As a result of the growing international concern about child labour, child work and the effects on the welfare and future of these children, the practices are now being questioned in Nigeria. The recent perception of child labour and child work as a problem stems from the belief, and finding on investigations that involvement of children in economic activities outside the home is injurious to the children’s intellectual and physical growth. According to Oloko (1996) working is believed to expose children to physical danger, sexual abuse and other forms of harassment. It is also believed that work prevents children from doing well in school with the resultant risk of condemning them to low wage income in the future (Falayajo, Makoju, Okebukola, Onuga & Olubodun, 1997 and Ray, 2000). An International Labour Organisation (ILO) study quoted by Beguile and Boyden (1988) even went further to suggest that child labour may contribute to adult unemployment. This may be so since children could become substitute workers at cheaper wage rates.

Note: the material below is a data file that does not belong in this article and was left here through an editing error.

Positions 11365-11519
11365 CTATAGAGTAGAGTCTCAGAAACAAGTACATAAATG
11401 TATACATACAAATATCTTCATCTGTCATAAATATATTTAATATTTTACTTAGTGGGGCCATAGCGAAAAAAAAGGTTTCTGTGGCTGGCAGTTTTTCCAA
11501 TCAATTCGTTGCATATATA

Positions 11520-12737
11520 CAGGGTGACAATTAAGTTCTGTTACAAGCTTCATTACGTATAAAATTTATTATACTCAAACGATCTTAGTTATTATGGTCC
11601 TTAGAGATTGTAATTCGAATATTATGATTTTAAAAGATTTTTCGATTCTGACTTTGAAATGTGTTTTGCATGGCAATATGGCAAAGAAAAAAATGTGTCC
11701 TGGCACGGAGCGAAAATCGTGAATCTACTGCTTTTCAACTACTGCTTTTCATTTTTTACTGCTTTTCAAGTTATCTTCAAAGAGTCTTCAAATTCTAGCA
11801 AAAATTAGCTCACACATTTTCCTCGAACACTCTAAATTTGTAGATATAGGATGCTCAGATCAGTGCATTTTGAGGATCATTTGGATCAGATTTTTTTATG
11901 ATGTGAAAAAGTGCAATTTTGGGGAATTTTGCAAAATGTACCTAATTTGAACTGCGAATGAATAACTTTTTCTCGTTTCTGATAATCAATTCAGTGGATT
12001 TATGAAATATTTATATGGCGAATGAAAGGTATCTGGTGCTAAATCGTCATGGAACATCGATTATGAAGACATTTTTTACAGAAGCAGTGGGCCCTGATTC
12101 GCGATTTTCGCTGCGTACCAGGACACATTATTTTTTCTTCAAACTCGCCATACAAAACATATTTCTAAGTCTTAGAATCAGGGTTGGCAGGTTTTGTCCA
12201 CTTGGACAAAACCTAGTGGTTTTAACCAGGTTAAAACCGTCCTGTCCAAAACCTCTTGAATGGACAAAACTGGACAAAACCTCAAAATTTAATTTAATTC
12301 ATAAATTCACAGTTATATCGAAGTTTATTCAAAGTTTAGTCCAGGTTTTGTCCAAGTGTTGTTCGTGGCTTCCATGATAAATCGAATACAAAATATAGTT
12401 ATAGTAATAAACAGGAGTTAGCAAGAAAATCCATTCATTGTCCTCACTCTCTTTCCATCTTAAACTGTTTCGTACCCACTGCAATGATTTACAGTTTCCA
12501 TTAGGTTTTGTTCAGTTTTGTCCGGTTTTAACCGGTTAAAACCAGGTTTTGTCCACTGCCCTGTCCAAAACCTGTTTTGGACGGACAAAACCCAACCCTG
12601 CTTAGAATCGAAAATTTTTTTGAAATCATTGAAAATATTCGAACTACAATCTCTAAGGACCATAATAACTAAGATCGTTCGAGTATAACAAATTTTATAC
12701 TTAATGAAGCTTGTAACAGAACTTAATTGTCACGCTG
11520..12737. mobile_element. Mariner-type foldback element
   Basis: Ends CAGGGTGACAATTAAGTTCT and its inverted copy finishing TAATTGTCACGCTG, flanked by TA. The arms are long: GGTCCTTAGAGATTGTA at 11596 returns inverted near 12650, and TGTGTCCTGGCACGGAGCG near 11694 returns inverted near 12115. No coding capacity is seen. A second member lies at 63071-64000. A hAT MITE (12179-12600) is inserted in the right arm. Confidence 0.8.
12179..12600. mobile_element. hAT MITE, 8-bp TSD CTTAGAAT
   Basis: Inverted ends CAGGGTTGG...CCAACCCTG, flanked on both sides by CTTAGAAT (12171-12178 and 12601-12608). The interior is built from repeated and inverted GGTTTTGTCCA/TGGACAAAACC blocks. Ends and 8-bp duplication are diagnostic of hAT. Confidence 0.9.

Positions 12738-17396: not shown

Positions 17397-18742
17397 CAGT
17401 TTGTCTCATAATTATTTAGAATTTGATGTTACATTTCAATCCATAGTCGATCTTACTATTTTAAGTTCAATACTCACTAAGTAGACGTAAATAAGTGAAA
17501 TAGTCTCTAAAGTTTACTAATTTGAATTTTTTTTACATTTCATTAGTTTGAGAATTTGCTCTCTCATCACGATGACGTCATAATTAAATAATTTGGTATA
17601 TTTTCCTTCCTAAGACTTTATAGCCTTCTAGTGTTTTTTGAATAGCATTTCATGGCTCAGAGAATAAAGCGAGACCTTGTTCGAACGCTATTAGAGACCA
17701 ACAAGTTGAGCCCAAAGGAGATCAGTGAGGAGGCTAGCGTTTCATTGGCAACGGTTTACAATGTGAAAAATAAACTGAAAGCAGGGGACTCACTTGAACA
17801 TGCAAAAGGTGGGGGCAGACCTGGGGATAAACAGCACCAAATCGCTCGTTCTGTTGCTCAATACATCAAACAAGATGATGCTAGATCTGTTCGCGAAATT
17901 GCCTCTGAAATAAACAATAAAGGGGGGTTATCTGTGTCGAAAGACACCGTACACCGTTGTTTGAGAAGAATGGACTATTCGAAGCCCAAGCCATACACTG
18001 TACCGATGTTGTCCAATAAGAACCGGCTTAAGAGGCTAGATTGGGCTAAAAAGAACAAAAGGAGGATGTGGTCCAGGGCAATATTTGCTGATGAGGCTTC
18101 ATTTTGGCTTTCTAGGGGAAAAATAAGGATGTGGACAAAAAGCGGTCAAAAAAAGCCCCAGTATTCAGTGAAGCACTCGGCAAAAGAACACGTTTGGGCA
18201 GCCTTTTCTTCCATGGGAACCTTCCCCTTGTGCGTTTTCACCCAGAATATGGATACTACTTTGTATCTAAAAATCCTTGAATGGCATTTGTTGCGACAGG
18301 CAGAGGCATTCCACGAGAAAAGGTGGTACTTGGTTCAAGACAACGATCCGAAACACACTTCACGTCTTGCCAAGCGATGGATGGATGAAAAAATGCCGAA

Popoola, Afolabi; Ayodele, Joseph; and Ajayi, Isaac
"Child Work, Child Schooling And Educational Achievement: An Empirical Evidence For Nigeria,"
Academic Leadership: The Online Journal: Vol. 7
, Article 5.
Available at: https://scholars.fhsu.edu/alj/vol7/iss3/5